What does it take to become the Person of the Year? For this year, the winner of the award is not a top official running a good government, a famous sports personality or a respected businessman.
She is an ordinary office worker who did a selfless act when hardly anyone else even thought of doing so.
She is none other than the previously nameless, faceless stranger who donated two-thirds of her liver to a dying mother.
The Good Samaritan was later identified as Momo Cheng Hoi-yan, a 26-year-old lady clerk who had no blood relation or any other connection to the woman she helped.
For her brave and noble deed, listeners of RTHK’s current affairs program Backchat voted her to be the 2017 Person of the Year.
Momo, also known as Ah Yan, bested other candidates nominated by the program’s listeners. The shortlist included Chief Executive Carrie Lam Cheng Yuet-ngor, unbeaten boxing champion Rex Tso Sing-yu, the late Shanghai Tang founder Sir David Wing-cheung Tang, athlete Vera Lui Lai-yiu who joined the global #MeToo movement by revealing the alleged sexual molestation she suffered in the hands of a former coach, disqualified legislator Nathan Law Kwun-chung, who was later jailed, child singer Celine Tam Tsz-kwan, who captivated people around the world with her voice but later failed to make it to the finals of America’s Got Talent, and even US President Donald Trump.
In a city that tends to measure the worth of an individual by their bank account more than anything else, donating an organ to a stranger was unheard of.
But when Momo learned from the news that 43-year-old mother Tang Kwai-sze needed a liver transplant to be saved from death following a medical blunder – the patient’s daughter was willing to donate an organ but was unqualified for being underage – she stepped up and went to the surgery room.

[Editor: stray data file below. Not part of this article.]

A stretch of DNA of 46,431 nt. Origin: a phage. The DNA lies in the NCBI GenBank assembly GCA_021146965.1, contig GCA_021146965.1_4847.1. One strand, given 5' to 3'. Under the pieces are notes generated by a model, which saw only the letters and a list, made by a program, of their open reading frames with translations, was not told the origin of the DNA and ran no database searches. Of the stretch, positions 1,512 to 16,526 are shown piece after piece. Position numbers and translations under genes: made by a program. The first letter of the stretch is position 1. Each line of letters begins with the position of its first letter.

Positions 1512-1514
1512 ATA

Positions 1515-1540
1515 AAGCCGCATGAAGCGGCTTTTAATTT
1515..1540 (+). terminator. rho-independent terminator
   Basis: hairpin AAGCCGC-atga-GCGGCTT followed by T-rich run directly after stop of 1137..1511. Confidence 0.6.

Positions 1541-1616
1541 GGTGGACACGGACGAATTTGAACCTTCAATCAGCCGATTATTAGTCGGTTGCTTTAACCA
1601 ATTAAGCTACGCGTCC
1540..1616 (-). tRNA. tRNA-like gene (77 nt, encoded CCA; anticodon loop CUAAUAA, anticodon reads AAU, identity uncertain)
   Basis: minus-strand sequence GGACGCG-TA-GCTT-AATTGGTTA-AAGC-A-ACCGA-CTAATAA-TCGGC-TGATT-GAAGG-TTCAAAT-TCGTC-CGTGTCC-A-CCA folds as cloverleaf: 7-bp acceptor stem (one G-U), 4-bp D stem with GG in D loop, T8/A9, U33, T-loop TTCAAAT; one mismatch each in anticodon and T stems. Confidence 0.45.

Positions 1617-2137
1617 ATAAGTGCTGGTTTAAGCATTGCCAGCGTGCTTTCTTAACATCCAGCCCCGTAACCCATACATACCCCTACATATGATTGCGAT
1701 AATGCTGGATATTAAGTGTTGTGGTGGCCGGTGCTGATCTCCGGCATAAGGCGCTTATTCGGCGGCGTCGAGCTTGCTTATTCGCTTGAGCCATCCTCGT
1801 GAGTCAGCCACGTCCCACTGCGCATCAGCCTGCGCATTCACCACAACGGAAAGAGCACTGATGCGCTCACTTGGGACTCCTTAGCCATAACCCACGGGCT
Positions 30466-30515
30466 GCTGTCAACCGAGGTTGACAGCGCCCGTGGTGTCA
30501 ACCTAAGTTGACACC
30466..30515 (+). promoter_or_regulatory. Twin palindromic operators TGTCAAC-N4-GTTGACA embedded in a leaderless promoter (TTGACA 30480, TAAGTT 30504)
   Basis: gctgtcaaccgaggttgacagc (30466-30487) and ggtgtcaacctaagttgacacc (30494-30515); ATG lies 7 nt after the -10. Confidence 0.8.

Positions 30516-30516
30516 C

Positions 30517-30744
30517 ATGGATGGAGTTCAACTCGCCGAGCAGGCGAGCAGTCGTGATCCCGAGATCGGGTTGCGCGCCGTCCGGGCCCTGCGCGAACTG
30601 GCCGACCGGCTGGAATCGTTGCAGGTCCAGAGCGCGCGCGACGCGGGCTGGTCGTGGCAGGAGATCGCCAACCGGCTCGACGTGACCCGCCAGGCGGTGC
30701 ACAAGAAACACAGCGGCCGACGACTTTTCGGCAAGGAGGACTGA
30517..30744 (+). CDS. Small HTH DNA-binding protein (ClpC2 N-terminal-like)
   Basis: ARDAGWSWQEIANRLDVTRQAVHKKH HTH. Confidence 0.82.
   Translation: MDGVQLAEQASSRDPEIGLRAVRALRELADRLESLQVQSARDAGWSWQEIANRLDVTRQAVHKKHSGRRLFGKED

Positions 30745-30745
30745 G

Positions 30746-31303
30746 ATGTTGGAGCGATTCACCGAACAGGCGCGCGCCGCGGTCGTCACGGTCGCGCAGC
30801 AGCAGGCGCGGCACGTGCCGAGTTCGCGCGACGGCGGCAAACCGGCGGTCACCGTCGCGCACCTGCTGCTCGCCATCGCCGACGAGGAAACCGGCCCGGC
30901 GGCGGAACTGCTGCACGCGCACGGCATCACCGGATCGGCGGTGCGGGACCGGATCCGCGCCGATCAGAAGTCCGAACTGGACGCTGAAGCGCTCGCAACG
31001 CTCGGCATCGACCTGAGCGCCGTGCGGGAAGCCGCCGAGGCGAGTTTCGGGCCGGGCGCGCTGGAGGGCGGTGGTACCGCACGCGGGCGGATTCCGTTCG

Momo recalled that part of the process of donating an organ is to answer a set of questions prepared by a clinical psychologist.
The toughest question, yet the most common, was: “Why do you want to help someone you do not know?”
Her answer was frank and simple: “I do not know.”
Momo, whose mother recovered from hepatitis, said it is worthwhile to take the 0.5 percent risk of a surgery failure in the face of a 90 percent successful transplant rate.
But life is unpredictable. Tang died four months after a second transplant.
Mark Michelson, chairman of Asia CEO Forum at IMA Asia, said: “Every once in a while we saw headlines of people in distress for donation – heart, or liver or something else, and they are not getting it. In this case, someone steps up. Maybe it would encourage others.”
One of those inspired by Momo’s gift of life is yours truly. I signed up to be an organ donor last year, and I hope many more would follow suit to boost the city’s 3 percent organ donation rate.
Likewise, one doesn’t have to be a winner to make it to the list of candidates for the Person of the Year award.
Nathan Law, once the youngest legislator who got the most votes on Hong Kong Island, was disqualified over his oath-taking and later jailed for his involvement in a pro-democracy protest. Only a few local politicians had a more roller-coaster ride in life than the 25-year-old college student who also co-founded the Demosistō political party. But give him some time; his political star is still on the rise.
Another colorful personality on the shortlist is Kwok Cheuk-kin, the “king of judicial reviews”, who had mounted an untiring campaign for justice.
He had applied for over 30 judicial reviews, including those covering the government’s co-location plan for the Express Rail Link, Beijing’s Aug. 31, 2014 constitutional reform, the Small House policy and many others, without much success.
We hope the Septuagenarian will live for at least another 30 years so that someone will continue to hold up the torch of the “one country, two systems” principle.
Listen to RTHK’s Backchat program on the Person of the Year:
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